But the fact remains – PayPal’s innovative way of paying their customers brought a lot of interest to their program, and helped to catapult them to the successful internet staple that they are today!
Strategy #3 – Commissions & Affiliates
Some of the largest online brands in the world use commission-based affiliate programs to multiply their customer bases.
In these programs, individuals and businesses sign up to promote your product, and earn a commission on every sale that is brought in. These sales are tracked through their own individual affiliate account.
Perhaps the most popular affiliate program on the web today is the Amazon Associates program, which allows businesses to promote their products for a small commission on each sale – starting at about 3%. Over time, their affiliates earn higher commissions at different tiers.
As a local business owner, you don’t need to implement a huge affiliate program. Just talk with other local businesses, and offer them a commission on every sale of your product they make. You might be surprised how many local business owners will be more than happy to take you up on the offer.
Strategy #4 – Discounts & Credits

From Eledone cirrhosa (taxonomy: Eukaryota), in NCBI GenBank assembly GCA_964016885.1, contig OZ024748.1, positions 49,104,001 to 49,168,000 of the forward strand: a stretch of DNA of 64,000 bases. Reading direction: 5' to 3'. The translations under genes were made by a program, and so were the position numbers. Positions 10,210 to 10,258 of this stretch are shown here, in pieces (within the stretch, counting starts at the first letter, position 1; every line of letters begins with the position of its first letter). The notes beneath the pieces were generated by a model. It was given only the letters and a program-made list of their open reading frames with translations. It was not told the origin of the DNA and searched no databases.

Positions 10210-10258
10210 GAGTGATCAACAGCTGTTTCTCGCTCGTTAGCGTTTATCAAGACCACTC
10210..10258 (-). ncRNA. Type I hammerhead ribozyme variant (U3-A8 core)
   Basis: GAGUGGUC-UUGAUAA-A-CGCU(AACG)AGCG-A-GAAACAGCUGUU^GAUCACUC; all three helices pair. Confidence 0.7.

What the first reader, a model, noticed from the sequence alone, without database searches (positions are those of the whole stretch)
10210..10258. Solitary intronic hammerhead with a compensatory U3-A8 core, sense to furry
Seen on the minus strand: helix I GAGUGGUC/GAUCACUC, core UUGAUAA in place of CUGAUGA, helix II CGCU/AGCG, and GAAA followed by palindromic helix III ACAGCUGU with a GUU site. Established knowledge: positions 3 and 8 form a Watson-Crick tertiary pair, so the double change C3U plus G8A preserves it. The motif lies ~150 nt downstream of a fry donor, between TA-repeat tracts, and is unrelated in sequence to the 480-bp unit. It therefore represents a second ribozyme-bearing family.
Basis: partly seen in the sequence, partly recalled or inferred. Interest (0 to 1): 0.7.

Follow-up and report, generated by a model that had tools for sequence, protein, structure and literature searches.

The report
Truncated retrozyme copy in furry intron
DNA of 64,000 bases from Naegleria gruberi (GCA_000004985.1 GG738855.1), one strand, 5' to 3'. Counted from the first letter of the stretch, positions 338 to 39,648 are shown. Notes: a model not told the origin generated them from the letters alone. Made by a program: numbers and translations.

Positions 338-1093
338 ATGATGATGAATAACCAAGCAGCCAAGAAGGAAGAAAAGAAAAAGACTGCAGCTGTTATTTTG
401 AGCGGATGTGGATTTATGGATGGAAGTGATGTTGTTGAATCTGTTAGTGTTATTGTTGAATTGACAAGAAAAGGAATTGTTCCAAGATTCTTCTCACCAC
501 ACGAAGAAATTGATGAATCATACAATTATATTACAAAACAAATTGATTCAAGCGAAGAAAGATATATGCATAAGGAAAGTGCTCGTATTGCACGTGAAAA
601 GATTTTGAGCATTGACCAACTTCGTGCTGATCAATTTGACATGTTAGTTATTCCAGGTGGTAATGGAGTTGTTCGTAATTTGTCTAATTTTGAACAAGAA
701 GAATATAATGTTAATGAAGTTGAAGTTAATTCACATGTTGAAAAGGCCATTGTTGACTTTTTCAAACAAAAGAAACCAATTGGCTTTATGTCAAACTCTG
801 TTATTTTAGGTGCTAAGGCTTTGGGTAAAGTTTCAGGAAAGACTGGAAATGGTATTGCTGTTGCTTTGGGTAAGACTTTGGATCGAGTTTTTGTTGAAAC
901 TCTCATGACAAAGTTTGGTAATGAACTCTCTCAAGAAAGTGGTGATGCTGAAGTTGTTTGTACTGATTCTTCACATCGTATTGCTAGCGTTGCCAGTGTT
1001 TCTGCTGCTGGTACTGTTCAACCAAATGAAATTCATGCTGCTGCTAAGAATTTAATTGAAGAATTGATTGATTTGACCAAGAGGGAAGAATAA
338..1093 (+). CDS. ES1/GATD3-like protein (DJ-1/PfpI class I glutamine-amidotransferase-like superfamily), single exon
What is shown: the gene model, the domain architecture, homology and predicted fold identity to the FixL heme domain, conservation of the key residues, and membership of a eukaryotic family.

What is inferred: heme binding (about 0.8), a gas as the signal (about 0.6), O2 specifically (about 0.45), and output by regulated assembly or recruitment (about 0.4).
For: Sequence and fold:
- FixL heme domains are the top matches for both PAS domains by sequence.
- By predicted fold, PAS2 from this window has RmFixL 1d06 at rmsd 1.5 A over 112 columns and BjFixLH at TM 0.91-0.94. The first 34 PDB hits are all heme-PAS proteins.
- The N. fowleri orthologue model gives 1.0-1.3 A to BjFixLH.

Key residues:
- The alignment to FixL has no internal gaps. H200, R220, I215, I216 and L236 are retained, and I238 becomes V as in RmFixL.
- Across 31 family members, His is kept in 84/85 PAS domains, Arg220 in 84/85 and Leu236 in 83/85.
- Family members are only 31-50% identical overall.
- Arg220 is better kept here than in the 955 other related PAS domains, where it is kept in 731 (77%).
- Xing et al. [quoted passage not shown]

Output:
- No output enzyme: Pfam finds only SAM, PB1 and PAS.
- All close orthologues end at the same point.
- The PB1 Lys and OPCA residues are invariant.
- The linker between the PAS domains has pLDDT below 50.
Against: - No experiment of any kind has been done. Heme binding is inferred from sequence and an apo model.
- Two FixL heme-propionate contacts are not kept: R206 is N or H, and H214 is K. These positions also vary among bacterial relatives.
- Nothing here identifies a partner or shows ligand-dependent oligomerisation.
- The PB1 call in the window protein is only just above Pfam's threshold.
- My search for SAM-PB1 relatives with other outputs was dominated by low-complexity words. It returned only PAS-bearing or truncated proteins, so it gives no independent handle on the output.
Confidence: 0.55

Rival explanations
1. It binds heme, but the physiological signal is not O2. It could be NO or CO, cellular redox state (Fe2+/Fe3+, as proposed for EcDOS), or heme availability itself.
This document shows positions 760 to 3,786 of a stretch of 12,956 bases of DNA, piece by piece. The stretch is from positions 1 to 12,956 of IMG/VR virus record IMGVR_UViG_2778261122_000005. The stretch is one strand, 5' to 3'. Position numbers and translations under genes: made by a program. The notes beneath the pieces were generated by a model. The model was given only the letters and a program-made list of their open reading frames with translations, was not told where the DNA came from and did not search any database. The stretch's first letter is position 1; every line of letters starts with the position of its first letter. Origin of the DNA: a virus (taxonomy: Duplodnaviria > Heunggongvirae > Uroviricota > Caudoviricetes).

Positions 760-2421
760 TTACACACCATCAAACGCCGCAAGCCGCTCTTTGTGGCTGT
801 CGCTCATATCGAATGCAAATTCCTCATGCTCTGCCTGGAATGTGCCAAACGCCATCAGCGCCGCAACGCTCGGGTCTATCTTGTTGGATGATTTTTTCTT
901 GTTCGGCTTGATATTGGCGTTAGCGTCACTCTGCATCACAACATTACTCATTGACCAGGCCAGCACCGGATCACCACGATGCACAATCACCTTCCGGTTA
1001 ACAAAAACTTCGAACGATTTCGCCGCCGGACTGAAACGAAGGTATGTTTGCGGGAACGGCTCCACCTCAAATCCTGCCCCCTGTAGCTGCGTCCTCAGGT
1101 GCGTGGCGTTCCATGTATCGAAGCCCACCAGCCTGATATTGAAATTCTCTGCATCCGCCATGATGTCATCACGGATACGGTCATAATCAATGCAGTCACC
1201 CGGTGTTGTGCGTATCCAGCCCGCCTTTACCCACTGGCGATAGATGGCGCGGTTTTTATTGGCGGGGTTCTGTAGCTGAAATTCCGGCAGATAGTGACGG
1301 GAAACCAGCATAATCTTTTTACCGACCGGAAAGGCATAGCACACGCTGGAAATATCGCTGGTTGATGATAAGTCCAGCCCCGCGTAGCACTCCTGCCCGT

If you provide large services, especially in a B2B setting, a discount or credit in exchange for a referral can be a powerful sales tool. After all, other businesses depend on your products and services every day — so if those products and services were to suddenly cost less, that’s a huge incentive to provide referrals for you.
One company that uses this tactic right is Fat Cow, a popular web hosting firm. They offered a $35 credit to any existing customer who refers a friend.On their cheapest plans, this would pay for almost a full year of service— and this simple and straight forward referral system has helped Fat Cow become one of the largest names in web hosting.
Strategy #5 – Discounts & Credits
You might not think a discount for a customer’s friend would be a very powerful motivator for referrals — but the truth is, a lot of customers love to share discounts with the people they care about.
AirBnB has used this strategy to great effect. The unique travel rental company offered a $25 discount to all new users that were referred by a friend — and scored thousands of new referrals as a result.
This strategy is genius for two reasons:
- The referrer feels great, because they get to recommend a unique service and save a friend some money.
- The newly referred customer gets to try out the service at a discount.
This tactic was one of the main components that helped AirBnB grow into the vacation rental giant that they are today— and discounts for friends can supercharge your referral program, too.
Challenge : Starts Growing A Referral Program Today
I hope this post sparked your creative juices and got you thinking about ways for kicking off your own referral program.
As you can see, you have a lot of options when it comes to referral tactics. The key is to find an approach that connects with your audience — and that’s going to involve some trial and error.